Its shape is like the globe
And this is its norm
It is small but fine
And will be of great benefit to you

The answer was RING, which should have been obvious if I'd remembered why I needed to see the old king in the first place. But by the time I encountered him, I had forgotten that I was supposed to get a ring from him, so I was stumped on the riddle. I tried things like "egg" and "seed" before it dawned on me. The key word is orbis, which most dictionaries don't even have as a German word. I guess maybe they were going more for "orbit" than "globe"? I have plenty of German readers, and I'm sure someone will comment. Anyway, when I finally got it right, the ghost gave me the ring and sent me back to Vandor. 

The second key is needed to enter the ice caves of Madra, a relatively unusual puzzle in which you have to find your way through a series of rooms, arranged in a 5 x 5 grid, in 24 turns or you freeze to death. It's presented in first-person wireframe form like early Ultima dungeons, although there are no monsters and otherwise nothing to do but figure out the right order through trial and error.
        
Navigating the ice caves.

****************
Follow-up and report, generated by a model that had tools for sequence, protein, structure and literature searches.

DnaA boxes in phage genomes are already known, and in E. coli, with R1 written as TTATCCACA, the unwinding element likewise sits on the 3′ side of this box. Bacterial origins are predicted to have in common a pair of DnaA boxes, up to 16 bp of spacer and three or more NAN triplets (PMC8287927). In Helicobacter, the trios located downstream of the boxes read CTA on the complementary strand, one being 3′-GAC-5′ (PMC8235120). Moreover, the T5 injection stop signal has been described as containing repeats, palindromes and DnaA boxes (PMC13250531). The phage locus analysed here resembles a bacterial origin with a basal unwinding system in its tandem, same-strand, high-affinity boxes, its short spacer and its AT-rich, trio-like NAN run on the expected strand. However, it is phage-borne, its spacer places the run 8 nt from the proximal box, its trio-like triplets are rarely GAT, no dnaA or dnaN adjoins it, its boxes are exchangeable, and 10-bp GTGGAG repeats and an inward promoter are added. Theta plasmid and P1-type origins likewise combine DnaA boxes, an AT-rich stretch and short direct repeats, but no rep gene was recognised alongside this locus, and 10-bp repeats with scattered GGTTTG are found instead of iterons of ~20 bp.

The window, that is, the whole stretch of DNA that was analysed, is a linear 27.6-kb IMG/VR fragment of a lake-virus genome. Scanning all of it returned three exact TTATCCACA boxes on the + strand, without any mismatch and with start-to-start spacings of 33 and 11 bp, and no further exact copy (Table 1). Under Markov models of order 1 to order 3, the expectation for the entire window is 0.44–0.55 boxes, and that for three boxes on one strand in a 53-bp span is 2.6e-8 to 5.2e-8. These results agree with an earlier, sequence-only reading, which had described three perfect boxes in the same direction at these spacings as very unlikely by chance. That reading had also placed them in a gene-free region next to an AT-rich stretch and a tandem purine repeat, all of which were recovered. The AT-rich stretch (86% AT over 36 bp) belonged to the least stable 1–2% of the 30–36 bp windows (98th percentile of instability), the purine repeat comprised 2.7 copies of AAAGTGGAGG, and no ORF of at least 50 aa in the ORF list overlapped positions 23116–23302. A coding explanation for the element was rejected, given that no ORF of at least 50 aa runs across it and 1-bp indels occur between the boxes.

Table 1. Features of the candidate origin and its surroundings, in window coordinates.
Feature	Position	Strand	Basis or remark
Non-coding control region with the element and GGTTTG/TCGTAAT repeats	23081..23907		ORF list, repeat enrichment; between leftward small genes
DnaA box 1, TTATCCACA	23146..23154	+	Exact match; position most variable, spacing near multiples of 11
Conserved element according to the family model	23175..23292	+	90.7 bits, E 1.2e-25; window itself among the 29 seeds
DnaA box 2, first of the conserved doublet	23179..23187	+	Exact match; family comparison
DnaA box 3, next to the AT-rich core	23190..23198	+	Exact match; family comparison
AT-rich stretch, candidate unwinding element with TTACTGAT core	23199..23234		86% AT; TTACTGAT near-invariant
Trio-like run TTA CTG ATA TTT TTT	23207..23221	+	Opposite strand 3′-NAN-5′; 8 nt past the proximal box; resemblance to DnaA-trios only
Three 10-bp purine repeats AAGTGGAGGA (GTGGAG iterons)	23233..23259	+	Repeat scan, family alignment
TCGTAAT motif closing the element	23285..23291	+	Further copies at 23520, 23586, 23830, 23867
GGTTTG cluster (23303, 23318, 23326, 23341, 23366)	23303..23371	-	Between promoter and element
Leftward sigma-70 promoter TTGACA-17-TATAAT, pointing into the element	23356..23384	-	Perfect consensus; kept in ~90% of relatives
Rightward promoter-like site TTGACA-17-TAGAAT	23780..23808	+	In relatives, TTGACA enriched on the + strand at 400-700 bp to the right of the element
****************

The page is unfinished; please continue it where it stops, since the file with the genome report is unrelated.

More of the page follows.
Getting through the ice caves dumps you into a hidden valley where there's a hidden town. In the town, the only thing to do is grab the magic sword and armor.
            
Don't be fooled by the signs--the city is abandoned.
         
Once you have these items, you go to the far north of the map and summon the ferryman, who requires the ring and his name (CHARON), the latter also provided by an oracle. Charon ferries you to the Isle of Evil, where you enter the one-screen castle of the game's antagonist, Irata, who helpfully has a sign in her castle announcing her intention to be evil and rule Vandor.
          
I think I might have been able to guess CHARON even without the oracle.
Irata's castle. She's in the upper-left.

So few evil enchantresses announce their intentions in contractual language.
          
Although there are things in the castle that look like enemies or NPCs, you can't interact with them. You are, however, attacked by random monsters as you walk through, as if it were an outdoor map. When you reach Irata, you don't even have to attack. The moment you approach her square, the game tells you that she catches fire and burns with a single blow from the magic sword.
              
That was easy!
         
After that, you get a final congratulations screen that says the king makes you a baron and the land is restored to peace, at least until Mythos II.
        
Some online rumors suggest that Köper finished Mythos II but never released it.
         
Other than its claim as the first German CRPG, Mythos's legacy rests on its creator, Karsten Köper. Just 17 when he wrote Mythos, Köper would soon begin work on a more ambitious project, Amberstar, which he brought to Thalion Software in 1991 and saw published in 1992. Thalion had previously issued Dragonflight (1990) without Köper's influence, although that game also had a lot of references to Ultima, including a statue paying tribute to Lord British.